In Ed Fraiman's latest adaptation of former MP Chris Mullin's political novel, A Very British Coup, conspiracy certainly isn't what it used to be. Back in the 1980s, under its original title, the brilliant Ray McAnally played Harry Perkins in Alan Plater's excellent version, parading a cautionary tale about radical values and what happens to them once you're in power and the men from the ministry get a hold of you. Plater's version had an international context involving the concerns of the day, not least American nuclear missiles on British soil, and this newly rebooted 21st Century story carries that a step further by putting the villainous cast of the 'war on terror' age - multinationals, rogue Middle-Eastern regimes, military chiefs of staff - firmly in the spotlight. But back in the day, the original drama sat side-by-side with other mini-series like Edge of Darkness, Harry's Game and House of Cards while films like Defence of the Realm - which Byrne starred in during the 1980s - The Whistle Blower and then later Hidden Agenda, not only gripped but opened up possibilities about the British state apparatus that wider society, let alone TV/film culture, hadn't dared contemplate before.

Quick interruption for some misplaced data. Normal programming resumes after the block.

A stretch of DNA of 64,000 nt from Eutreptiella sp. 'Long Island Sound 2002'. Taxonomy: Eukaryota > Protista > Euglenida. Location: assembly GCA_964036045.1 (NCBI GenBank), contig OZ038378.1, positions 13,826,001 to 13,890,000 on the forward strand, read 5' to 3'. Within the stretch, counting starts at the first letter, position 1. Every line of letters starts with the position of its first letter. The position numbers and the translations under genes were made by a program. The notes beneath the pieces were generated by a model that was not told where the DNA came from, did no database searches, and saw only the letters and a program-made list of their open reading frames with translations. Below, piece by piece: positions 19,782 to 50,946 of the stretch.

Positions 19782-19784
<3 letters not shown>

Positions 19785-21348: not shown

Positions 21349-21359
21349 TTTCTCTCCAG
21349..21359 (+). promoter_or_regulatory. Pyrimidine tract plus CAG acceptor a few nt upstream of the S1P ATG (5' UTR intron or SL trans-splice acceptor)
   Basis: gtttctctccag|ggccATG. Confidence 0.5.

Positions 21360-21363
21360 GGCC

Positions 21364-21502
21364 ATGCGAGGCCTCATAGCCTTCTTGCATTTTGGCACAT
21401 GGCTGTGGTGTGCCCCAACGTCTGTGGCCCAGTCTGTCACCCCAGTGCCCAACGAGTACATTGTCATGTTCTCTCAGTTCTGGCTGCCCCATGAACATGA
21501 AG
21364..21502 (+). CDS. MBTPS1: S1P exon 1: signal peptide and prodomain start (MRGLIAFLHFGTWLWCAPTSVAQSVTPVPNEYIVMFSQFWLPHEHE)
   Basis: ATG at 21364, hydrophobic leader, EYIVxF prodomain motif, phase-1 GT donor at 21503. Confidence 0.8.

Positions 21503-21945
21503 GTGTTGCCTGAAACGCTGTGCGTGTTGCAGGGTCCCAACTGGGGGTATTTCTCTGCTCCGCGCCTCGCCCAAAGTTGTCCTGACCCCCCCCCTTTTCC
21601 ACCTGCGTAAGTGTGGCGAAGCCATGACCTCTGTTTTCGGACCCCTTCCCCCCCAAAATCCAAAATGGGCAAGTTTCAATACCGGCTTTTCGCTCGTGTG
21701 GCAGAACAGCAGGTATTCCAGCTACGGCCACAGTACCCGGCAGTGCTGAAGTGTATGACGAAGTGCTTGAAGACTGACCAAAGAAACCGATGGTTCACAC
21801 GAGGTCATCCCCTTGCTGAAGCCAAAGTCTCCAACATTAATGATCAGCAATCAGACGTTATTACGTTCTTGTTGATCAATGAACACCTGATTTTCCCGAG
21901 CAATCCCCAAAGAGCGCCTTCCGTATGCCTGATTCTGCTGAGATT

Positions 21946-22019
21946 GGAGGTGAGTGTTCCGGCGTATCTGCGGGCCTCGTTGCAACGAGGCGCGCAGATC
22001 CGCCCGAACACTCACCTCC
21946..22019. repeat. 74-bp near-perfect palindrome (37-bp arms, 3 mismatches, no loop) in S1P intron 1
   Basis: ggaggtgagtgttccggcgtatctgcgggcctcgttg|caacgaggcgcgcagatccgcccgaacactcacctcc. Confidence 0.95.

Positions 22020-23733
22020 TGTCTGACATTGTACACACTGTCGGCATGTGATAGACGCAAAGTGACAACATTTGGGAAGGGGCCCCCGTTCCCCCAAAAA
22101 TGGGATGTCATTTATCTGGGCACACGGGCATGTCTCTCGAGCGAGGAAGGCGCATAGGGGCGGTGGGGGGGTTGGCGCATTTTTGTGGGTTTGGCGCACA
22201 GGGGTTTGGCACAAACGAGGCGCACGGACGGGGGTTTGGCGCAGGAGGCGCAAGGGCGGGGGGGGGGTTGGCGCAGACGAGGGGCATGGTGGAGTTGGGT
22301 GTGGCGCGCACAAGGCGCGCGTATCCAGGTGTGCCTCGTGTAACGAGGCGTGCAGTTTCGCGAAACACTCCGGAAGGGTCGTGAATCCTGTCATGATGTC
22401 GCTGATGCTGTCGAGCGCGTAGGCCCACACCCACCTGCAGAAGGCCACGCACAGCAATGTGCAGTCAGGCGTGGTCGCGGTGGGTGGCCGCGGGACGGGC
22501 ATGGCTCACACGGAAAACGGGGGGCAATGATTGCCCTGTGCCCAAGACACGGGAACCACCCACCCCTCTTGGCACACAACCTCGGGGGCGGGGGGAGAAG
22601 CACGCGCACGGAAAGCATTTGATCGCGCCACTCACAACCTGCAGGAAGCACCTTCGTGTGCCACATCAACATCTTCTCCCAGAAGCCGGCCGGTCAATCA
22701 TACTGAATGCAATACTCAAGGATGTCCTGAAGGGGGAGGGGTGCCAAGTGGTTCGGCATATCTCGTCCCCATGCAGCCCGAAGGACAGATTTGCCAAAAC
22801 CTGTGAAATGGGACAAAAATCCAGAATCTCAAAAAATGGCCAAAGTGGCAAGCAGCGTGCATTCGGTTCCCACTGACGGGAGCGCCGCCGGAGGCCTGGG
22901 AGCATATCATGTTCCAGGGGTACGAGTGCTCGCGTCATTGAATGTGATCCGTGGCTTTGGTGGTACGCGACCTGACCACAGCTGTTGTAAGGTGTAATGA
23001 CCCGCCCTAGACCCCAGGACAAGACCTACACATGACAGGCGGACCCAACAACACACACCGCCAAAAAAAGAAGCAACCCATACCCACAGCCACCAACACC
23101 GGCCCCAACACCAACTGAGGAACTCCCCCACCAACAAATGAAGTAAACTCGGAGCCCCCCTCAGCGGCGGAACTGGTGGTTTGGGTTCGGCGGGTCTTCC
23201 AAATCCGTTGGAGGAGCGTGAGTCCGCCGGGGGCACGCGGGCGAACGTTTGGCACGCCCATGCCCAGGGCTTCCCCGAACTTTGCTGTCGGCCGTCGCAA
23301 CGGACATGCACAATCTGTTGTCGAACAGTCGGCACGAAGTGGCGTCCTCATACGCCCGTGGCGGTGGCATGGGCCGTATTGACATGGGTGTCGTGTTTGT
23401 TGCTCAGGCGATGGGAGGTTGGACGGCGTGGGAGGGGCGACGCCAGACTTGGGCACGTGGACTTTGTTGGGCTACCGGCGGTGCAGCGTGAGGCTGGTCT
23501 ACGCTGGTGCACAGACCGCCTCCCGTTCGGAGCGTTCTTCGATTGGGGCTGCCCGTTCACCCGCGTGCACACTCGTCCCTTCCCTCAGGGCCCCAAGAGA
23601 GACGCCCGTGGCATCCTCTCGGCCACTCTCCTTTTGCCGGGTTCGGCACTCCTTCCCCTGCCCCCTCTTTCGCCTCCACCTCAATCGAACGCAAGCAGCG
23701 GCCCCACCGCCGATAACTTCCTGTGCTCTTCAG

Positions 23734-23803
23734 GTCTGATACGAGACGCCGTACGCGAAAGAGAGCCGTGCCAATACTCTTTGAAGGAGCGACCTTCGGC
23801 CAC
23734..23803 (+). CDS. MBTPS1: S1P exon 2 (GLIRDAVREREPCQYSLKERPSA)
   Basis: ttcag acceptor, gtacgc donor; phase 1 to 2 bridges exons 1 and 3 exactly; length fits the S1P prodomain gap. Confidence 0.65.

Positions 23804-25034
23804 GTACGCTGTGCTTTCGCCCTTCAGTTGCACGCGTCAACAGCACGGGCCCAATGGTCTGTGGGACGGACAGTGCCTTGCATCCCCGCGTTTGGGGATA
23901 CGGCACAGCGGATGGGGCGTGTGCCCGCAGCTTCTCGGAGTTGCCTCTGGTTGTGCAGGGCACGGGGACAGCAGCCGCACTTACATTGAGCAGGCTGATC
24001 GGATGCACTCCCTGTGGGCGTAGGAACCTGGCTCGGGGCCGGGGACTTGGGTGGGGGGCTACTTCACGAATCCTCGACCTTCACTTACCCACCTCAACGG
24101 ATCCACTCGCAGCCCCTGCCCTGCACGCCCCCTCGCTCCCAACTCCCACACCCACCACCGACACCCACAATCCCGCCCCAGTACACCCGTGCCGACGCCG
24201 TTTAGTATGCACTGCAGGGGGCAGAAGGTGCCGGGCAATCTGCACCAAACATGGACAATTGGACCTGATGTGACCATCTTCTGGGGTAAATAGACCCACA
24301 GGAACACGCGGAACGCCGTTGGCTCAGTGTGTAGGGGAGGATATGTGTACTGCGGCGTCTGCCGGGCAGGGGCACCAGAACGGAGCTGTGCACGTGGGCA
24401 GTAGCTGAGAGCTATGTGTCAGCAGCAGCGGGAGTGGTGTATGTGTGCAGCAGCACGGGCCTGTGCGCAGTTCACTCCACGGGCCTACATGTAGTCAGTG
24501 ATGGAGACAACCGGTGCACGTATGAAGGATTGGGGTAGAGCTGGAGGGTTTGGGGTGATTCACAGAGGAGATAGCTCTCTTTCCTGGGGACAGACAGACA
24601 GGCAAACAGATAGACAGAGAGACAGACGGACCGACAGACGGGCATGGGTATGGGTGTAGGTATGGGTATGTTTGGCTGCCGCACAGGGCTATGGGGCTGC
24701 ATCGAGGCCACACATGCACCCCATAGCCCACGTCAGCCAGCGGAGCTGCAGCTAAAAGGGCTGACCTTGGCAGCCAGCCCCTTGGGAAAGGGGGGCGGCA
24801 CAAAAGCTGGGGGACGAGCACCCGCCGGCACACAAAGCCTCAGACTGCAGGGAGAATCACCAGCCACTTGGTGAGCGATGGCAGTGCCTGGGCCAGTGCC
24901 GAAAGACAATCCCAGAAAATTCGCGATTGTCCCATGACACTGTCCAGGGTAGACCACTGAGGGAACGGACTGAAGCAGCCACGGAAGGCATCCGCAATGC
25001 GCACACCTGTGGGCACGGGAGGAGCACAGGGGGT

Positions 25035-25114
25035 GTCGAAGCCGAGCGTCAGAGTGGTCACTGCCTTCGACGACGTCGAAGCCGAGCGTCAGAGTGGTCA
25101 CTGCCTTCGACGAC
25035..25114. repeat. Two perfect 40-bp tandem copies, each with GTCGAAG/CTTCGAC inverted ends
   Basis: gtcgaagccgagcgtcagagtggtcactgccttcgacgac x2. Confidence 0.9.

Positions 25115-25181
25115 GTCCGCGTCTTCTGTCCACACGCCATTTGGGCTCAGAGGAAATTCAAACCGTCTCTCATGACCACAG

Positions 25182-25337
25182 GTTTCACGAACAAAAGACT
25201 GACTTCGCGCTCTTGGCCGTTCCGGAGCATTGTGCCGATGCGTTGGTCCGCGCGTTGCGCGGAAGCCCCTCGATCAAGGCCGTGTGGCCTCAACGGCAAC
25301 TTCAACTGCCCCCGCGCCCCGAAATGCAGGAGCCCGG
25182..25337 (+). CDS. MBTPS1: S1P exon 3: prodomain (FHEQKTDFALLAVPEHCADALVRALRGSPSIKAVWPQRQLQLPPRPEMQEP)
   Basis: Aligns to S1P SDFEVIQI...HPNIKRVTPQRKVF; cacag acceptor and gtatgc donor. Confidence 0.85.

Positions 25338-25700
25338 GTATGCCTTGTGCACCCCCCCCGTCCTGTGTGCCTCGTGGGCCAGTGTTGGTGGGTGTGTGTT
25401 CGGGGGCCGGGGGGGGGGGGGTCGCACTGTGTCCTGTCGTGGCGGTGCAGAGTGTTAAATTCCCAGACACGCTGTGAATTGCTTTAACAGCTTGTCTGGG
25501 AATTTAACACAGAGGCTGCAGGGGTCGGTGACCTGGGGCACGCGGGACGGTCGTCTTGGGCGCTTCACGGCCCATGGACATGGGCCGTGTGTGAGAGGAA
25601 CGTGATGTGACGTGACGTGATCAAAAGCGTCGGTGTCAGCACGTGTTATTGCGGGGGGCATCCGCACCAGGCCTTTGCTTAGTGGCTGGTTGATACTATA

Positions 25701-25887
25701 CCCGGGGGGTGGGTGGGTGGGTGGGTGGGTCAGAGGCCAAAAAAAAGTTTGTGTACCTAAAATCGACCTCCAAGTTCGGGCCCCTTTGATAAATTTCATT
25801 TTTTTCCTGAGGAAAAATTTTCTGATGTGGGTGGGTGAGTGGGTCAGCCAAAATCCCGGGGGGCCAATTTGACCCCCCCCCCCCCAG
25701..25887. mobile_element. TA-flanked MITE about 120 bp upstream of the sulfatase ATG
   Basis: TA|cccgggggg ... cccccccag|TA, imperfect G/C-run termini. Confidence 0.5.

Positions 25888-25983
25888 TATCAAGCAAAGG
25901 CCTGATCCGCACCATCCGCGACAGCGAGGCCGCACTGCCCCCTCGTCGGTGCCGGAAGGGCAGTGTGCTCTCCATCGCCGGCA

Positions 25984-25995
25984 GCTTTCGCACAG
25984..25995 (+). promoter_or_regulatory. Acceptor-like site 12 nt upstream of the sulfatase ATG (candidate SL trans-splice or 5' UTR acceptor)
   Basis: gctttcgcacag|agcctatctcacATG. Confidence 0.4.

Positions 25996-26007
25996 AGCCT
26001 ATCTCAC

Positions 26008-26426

This new take on the dark corridors of Westminster is fine, mind you. Gabriel Byrne plays loyal party apparatchik Tom Dawson with a steely-eyed determination, Douglas Hodge is terrific as a drunk and gone-off-the-rails computer hacker and fixer, while Charles Dance could win BAFTAs simply for the way he unbuttons his suit jacket and gives that look of his. But it's an odd 24hr news cycle world that hasn't spotted the PM turning up rather too frequently at the local Drum and Monkey boozer to have a pint with former colleague Fossett, as Dawson seems to do endlessly here, while there doesn't appear to be a single person in London who hasn't got his mobile phone number! Gina McKee's determined reporter Ellis Kane seems to have a front door key to No.10 she's there so often, and Rupert Graves - who's a terrific actor - is handed a role here that gives off all the gravitas of a man who thinks he should be head of the local comprehensive's Sixth Form, but appears to have stumbled into the job of Chancellor of the Exchequer! It adds up to a lot of fun; Manchester Town Hall shows up as the inside of Westminster brilliantly, Ruth Negga is genuinely great as out-of-her-depth GCHQist Agnes Evans, and Mullins himself even appears as a vicar to top it all off.
But the world has moved on from the 1980s and so have we probably as a watching public. Secret State pushes all the familiar buttons of 21st Century secrecy and cover-up, and does it very nicely. But it's so familiar to us now, the power of this kind of TV has lost a little of its bite in a political culture where Fahrenheit 9/11, Enron: The Smartest Guys in the Room, and Inside Job are documentaries, but ones offering up all the drama of real events in an elite, establishment world that long ago lost much of its grip on reality.